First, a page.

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100 foot wide sinkholes


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#1    Baileyx12

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Posted 02 March 2013 - 06:57 PM

Where do you think these ae coming from and why? It's so scary :(




#2    pallidin

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Posted 02 March 2013 - 07:07 PM

Today's internet CNN has a great deal of info on that.

And I'm sure if you just Google what causes sinkholes, you will get even more info.


#3    Baileyx12

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Posted 02 March 2013 - 07:55 PM

But surely it can't be natural? I mean there wasn't any before now, nothing major, look at that poor man who fell down one inside his own home!


#4    freetoroam

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Posted 02 March 2013 - 08:00 PM

  • Natural sinkholes are formed when sub-surface rock dissolves to create underground cavities. They are most often found where the rock below the land surface is limestone, dolomite, carbonate rock, salt beds, or rocks that can be naturally dissolved by circulating groundwater. In the U.S., natural sinkholes are most common in Florida where karst (limestone) geography is an ingrained part of the landscape. Other states where natural sinkholes are likely to be found are Texas, Alabama, Missouri, Kentucky, Tennessee and Pennsylvania. Natural sinkholes often form following a period of heavy or prolonged rain. They may also form following a period of drought, which can lower the water table and expose cavities.
  • Human-induced sinkholes are consequences of land-use practices, especially water-pumping and construction. Other types of human-induced sinkholes result from:
    • abandoned septic tanks. Even as communities modernize and switch from septic to sewer systems, the old septic tanks may remain in place. The concrete cover may eventually crack and break down, allowing the earth above to drop suddenly, especially beneath the weight of a person. In one week in 2004, two such incidents occurred in New Jersey and in Texas, claiming the lives of a 2-year-old girl and a 92-year-old woman. Check with the local zoning office, which should know whether the house was built before sewer lines came into the neighborhood, which would indicate the possible presence of an abandoned septic tank;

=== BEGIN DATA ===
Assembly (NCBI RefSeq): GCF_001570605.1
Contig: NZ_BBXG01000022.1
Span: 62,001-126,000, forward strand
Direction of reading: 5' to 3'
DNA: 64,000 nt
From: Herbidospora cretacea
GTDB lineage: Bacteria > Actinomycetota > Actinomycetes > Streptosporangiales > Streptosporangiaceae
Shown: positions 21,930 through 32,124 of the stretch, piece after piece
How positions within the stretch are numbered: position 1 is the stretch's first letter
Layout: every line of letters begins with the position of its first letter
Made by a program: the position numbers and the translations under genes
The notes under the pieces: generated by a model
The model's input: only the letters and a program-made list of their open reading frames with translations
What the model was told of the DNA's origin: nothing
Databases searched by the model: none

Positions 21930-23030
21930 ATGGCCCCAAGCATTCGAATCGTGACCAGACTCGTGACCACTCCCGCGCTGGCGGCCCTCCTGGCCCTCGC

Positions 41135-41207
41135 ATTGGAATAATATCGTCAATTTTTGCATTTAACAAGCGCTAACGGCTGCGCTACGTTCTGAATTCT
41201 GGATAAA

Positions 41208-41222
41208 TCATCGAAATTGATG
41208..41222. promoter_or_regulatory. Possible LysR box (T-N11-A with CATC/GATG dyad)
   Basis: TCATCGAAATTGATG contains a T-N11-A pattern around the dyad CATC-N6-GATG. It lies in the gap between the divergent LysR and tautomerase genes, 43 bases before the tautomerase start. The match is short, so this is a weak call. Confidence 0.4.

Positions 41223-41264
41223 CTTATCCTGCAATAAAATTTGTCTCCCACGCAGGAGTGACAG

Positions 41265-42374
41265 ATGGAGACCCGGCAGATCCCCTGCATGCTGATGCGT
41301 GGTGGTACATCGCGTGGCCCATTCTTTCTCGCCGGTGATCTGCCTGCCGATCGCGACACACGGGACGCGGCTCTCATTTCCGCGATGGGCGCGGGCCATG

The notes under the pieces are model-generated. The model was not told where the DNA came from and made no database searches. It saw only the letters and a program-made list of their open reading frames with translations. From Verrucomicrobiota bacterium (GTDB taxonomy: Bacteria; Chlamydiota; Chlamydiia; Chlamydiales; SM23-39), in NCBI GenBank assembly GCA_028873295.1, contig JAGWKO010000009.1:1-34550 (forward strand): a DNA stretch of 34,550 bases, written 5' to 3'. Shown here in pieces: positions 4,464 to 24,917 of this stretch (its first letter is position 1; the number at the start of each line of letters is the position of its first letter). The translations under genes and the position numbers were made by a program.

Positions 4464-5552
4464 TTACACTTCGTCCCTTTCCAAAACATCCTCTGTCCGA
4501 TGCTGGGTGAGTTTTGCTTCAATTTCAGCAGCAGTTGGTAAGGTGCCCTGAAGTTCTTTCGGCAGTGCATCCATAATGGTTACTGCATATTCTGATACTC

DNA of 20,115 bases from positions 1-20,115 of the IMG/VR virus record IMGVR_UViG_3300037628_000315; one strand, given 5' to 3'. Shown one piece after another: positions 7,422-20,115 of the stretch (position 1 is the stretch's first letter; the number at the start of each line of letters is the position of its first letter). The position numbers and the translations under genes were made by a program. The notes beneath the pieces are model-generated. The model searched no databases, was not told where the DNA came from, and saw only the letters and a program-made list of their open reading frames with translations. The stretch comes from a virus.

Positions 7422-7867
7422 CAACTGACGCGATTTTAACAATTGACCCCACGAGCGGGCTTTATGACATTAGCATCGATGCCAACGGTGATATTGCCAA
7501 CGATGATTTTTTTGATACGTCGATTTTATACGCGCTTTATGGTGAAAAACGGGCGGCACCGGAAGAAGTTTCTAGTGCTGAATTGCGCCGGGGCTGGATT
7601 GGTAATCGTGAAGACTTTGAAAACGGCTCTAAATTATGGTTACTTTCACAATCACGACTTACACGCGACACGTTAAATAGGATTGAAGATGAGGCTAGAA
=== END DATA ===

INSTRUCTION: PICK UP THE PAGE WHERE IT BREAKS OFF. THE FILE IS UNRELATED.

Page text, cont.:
• decaying, buried organic material, such as tree roots or trash. In 1993, a 7-year-old New Jersey boy fell to his death in his front yard after the ground beneath him gave way. A vein of tree debris, which had been dumped there many years before, had formed air pockets into which the soil gradually seeped, leaving a weakened surface that appeared solid;
    • collapsed mines;
    • over-pumping existing water supply wells, or drilling additional wells in close proximity, thereby lowering the aquifer; and
    • the period following housing development, which adds pressure to the supporting earth.
- See more at: http://www.nachi.org...h.Maar3153.dpuf

Edited by freetoroam, 02 March 2013 - 08:00 PM.

I am not religious, but this does not make me anti religion.

#5    Baileyx12

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Posted 02 March 2013 - 08:14 PM

It just doesn't make sense how there's no warning or anything :-/


#6    pallidin

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Posted 02 March 2013 - 08:23 PM

View PostBaileyx12, on 02 March 2013 - 08:14 PM, said:

It just doesn't make sense how there's no warning or anything :-/